Today I heard on the radio the term "enlightened self-interest" and I thought it might be interesting to define it.
Generally it means persons who act to further the interests of others (or the interests of the group or groups to which they belong), ultimately serve their own self-interest. It's a term in ethics/philosophy which is an area of study that has to do with right behavior and good life.
It has often been simply expressed by the belief that an individual, group, or even a commercial entity will "do well by doing good".
Alexis de Tocqueville discussed the concept in his work Democracy in America. This quote from that work comes from learningtogive.org:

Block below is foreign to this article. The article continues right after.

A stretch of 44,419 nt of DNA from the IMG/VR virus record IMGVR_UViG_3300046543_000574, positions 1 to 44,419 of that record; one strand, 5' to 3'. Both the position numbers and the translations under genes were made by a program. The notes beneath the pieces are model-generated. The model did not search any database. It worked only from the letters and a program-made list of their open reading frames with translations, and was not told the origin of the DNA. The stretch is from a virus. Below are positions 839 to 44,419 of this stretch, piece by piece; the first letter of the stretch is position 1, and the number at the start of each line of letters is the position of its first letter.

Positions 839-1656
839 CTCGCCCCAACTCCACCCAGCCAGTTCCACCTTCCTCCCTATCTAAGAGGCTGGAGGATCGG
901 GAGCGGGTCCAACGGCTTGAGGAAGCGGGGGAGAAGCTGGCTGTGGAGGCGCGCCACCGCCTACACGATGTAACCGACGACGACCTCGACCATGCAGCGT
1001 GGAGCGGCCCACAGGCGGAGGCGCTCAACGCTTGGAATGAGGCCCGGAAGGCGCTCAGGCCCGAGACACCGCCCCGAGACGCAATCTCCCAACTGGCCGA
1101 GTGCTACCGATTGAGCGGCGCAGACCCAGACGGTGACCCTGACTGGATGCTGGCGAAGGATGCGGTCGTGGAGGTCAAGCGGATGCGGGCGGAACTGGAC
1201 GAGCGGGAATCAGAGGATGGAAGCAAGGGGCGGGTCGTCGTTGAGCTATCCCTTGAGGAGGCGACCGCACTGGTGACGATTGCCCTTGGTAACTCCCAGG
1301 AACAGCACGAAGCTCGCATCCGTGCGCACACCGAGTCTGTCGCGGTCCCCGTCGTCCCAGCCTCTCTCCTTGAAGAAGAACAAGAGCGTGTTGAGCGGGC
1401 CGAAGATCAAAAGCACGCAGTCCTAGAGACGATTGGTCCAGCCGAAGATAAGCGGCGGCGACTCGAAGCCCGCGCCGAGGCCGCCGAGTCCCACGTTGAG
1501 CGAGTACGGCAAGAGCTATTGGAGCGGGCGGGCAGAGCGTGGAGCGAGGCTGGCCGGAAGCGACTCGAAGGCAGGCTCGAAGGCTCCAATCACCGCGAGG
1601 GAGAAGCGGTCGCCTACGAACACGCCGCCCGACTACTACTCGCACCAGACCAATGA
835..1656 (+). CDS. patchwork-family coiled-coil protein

The Americans, on the contrary, are fond of explaining almost all the actions of their lives by the principle of interest rightly understood; they show with complacency how an enlightened regard for themselves constantly prompts them to assist each other, and inclines them willingly to sacrifice a portion of their time and property to the welfare of the state.Here's how the Dalai Lama puts it: If you think in a deeper way that you are going to be selfish, then be wisely selfish, not narrow-mindedly selfish.
The idea is that a "universal sense of responsibility" is "doing the right thing."
So don't you think if we taught our children to be "self-interested" in the way described above rather than teaching "selflessness" or "self-sacrifice" we as a nation would be a lot better off?
Why don't you tell me what you think in the comments...